Reductions in resource use, emissions, and waste production are key strategies for corporate success. Sustainability is crucial, says Lux Research, a Boston-based technology development and advisory company.
For a long time, the business community has belittled sustainability. It was supposed to be a hype that would go away. A marketing tool. But the tide has turned. Stakeholders, from shareholders to employees to consumers, are increasingly demanding that companies comply with sustainability requirements – not just by way of greenwashing, but in all respects, from strategy to execution. Sustainability is crucial, says Lux Research in its latest report Making Sense of Sustainability.
Why sustainability matters
First of all, according to Lux Research, sustainability is crucial because it is good for business as such. Companies with a high ESG score (Environment, Social, Governance) perform better than average; and companies with low scores perform much worse. Shareholders become aware of this and demand from business leaders to get their sustainability scores straight. Secondly, consumers increasingly care for sustainability. Companies can go bankrupt if they don’t pay attention to this (remember General Motors, that didn’t want to produce the small energy efficient cars the public asked for, and went bankrupt as far back as 2009?). Finally, many employees – probably the most creative and productive people – want their company to be sustainable. ‘Attracting and retaining top talent requires taking values like impact and inclusion seriously,’ says Lux Research.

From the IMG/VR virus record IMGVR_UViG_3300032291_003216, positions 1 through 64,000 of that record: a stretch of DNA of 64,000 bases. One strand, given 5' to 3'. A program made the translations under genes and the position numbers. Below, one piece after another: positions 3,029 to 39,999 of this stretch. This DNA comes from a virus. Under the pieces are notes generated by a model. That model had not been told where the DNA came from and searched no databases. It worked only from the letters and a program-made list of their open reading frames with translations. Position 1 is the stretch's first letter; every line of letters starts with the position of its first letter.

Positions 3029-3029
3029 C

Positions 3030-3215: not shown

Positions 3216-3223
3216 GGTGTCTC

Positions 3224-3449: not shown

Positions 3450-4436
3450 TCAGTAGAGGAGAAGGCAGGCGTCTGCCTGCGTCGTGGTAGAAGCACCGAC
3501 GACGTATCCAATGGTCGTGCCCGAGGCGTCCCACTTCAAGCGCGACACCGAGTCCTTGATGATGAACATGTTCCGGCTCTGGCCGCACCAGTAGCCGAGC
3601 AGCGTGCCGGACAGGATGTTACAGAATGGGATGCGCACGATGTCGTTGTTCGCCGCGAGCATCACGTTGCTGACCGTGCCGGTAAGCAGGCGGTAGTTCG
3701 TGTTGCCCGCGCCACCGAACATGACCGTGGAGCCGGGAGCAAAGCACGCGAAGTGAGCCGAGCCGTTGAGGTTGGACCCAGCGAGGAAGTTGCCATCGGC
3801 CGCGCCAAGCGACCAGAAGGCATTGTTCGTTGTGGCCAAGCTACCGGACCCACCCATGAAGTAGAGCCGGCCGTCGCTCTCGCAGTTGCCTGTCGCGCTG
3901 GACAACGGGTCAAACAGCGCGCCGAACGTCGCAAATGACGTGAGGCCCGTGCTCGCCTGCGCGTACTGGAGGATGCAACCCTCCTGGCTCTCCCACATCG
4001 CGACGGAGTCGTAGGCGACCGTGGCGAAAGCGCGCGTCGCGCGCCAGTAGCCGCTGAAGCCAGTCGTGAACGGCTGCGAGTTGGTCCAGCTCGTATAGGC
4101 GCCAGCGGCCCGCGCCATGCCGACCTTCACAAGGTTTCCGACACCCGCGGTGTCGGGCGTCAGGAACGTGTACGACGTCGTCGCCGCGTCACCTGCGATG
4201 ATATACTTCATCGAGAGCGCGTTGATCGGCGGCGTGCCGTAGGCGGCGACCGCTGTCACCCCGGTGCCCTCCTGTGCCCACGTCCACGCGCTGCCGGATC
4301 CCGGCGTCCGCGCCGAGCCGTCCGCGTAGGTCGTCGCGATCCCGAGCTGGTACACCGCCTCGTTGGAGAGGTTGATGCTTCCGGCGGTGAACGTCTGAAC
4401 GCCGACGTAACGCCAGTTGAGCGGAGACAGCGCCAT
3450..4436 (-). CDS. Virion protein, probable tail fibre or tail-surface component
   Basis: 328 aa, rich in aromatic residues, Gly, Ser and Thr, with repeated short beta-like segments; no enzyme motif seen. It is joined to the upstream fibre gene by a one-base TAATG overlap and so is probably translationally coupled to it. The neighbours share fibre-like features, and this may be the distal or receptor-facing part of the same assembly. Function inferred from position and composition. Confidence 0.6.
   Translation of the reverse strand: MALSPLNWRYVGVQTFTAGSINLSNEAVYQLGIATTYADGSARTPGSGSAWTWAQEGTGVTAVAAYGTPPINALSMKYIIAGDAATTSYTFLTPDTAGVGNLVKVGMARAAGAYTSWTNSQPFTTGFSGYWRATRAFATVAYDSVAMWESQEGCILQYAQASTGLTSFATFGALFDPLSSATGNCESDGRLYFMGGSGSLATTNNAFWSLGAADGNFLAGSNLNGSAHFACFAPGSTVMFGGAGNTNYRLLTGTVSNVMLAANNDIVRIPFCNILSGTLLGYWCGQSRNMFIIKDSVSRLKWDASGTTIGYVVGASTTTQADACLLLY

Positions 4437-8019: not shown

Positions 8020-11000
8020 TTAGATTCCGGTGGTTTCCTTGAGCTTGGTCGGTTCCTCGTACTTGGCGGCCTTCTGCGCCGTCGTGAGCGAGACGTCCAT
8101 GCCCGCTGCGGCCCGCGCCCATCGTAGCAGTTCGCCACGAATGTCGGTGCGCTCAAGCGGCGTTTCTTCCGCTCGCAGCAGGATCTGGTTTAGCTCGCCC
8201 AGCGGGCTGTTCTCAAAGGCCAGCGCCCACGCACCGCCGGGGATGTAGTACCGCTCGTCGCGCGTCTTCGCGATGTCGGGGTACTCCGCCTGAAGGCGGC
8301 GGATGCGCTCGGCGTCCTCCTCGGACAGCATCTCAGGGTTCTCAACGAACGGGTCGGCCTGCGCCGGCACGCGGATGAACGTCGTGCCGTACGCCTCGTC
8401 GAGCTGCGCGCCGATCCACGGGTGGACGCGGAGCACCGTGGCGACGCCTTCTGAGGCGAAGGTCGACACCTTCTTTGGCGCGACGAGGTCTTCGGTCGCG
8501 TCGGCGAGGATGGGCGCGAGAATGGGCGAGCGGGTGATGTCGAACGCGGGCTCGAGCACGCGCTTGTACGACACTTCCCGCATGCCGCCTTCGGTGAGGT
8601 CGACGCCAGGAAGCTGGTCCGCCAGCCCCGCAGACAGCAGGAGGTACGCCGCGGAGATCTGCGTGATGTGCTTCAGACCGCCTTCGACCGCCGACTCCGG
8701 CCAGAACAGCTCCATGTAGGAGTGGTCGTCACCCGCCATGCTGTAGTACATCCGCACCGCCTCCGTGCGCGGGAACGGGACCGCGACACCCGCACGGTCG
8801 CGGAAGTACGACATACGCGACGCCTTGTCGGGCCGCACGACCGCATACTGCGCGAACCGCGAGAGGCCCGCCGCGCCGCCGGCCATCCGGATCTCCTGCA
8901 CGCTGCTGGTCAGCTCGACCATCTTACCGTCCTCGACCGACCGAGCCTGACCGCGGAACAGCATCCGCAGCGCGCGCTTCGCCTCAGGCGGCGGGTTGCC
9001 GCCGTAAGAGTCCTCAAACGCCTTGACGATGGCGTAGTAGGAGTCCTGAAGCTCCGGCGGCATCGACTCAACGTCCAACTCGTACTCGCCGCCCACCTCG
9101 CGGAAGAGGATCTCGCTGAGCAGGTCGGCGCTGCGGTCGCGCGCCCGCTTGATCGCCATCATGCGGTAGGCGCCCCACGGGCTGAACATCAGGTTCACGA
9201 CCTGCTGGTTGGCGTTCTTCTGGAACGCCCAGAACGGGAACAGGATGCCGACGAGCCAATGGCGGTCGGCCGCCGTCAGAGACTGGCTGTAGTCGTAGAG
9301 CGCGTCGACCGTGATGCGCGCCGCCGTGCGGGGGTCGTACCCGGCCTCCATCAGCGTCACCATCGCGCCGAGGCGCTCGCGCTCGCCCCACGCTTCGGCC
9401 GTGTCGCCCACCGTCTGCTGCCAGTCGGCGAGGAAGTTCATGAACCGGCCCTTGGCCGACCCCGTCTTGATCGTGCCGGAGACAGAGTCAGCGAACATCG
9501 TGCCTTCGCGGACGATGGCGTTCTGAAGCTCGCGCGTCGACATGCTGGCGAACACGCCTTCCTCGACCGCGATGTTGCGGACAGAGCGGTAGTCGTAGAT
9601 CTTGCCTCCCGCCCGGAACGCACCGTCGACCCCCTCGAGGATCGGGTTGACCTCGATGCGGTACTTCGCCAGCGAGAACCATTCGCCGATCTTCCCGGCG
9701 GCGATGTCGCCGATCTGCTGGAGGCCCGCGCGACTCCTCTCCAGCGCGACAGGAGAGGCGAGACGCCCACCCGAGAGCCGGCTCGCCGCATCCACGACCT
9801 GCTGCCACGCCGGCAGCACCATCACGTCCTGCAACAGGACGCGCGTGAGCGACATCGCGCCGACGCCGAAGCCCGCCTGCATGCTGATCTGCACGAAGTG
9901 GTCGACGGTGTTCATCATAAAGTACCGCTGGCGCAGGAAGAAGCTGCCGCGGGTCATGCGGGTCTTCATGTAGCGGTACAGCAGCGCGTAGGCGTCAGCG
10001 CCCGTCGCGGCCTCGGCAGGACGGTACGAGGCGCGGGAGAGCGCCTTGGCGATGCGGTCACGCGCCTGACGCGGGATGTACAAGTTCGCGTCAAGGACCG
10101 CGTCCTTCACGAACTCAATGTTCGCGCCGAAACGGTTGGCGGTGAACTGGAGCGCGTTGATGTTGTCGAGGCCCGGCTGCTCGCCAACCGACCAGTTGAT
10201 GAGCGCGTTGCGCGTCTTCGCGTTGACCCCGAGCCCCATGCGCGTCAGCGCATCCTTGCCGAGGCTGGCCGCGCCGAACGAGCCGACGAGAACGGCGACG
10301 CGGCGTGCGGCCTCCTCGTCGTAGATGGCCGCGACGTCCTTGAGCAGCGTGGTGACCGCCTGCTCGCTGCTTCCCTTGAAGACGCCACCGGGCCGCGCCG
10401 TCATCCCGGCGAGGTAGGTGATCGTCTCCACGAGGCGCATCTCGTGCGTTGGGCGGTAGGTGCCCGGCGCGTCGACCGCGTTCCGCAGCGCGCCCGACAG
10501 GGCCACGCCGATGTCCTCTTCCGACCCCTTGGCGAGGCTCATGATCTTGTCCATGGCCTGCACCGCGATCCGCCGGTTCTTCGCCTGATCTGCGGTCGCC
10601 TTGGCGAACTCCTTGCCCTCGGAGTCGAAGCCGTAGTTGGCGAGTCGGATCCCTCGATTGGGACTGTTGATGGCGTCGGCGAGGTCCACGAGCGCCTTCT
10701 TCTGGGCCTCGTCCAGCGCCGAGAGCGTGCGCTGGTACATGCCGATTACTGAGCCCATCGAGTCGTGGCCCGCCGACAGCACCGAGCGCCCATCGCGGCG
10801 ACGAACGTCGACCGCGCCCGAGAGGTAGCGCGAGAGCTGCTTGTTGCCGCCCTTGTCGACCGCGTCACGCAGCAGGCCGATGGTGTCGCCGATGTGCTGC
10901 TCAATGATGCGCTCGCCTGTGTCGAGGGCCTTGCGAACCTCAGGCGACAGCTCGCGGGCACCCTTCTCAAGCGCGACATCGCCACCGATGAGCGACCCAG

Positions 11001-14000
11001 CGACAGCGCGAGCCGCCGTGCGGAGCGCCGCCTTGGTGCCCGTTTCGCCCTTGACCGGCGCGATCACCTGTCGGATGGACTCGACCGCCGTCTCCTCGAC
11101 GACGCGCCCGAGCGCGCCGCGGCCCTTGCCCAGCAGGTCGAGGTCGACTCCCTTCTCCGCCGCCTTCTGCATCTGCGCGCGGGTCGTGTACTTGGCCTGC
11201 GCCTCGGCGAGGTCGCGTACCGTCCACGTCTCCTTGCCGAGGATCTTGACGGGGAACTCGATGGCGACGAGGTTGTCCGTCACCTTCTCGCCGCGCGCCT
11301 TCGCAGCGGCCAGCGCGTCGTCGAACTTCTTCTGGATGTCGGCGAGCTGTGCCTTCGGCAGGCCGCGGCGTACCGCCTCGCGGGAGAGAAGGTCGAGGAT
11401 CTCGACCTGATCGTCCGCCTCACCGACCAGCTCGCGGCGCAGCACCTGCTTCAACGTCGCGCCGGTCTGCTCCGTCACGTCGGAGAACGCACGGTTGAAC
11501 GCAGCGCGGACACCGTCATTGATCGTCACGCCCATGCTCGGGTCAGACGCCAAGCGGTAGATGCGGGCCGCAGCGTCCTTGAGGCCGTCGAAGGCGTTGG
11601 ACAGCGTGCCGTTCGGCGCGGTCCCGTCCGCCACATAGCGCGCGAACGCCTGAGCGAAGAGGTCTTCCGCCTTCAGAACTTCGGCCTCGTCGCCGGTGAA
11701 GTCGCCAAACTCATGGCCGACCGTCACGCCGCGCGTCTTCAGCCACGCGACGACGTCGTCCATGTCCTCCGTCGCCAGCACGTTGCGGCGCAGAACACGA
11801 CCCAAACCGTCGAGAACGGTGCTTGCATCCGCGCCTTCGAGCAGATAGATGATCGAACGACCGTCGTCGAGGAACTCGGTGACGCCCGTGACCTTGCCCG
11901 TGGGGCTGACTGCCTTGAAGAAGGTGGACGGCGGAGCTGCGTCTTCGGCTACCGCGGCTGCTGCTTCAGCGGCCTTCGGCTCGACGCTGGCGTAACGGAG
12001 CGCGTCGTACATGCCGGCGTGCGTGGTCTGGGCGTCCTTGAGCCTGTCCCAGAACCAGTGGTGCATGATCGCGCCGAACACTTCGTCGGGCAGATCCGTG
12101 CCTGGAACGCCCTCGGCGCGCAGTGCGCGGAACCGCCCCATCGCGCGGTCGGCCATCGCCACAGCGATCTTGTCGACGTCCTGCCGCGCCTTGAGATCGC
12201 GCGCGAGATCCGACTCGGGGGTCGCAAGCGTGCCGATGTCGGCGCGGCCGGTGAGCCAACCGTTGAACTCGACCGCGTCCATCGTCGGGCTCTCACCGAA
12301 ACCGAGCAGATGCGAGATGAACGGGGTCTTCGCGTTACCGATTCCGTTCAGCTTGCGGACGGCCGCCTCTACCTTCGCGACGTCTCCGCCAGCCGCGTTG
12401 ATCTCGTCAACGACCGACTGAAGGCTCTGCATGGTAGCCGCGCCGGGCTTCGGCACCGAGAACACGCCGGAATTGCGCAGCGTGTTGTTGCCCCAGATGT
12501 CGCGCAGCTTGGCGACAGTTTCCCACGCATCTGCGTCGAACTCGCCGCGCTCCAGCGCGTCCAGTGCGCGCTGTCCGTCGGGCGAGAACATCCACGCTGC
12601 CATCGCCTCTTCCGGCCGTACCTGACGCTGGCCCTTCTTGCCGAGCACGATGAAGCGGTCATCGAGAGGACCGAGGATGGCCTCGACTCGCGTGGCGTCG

How to do it
Then, companies should focus on translating sustainability into actionable goals, says Gihan Hewage, lead author of the report. They can do so for instance by using less water, energy or raw materials. They can switch to the use of renewable energy or biobased resources and thereby emit less greenhouse gases. They can shift to sustainable packaging that is multiuse or does not use single-use plastic. Or reuse materials to curtail the impact of manufacturing. Sometimes, a complete overhaul of the production process is the most productive strategy overall.
How to incorporate it into strategy
‘All companies can work to manage the impact of their factories, offices, and logistics, often finding financial benefits to doing so,’ writes Lux Research. They can invest in the development of a circular economy by addressing end-of-life issues where possible. They can recycle plastics and other waste products, use food waste as a form of feedstock, and offer solutions for batteries. Companies can also help corporate and private consumers to reduce their impact. The value proposition here is to protect or grow market share – or even gain first-mover advantage – as downstream demand shifts to prioritize sustainability. And finally, companies can invest in opportunities that are emerge due to the sustainability trend. Like in plant-based protein products that can substitute meat consumption. ‘Lux recommends that all organizations tap into new business opportunities fuelled by the sustainability trend.’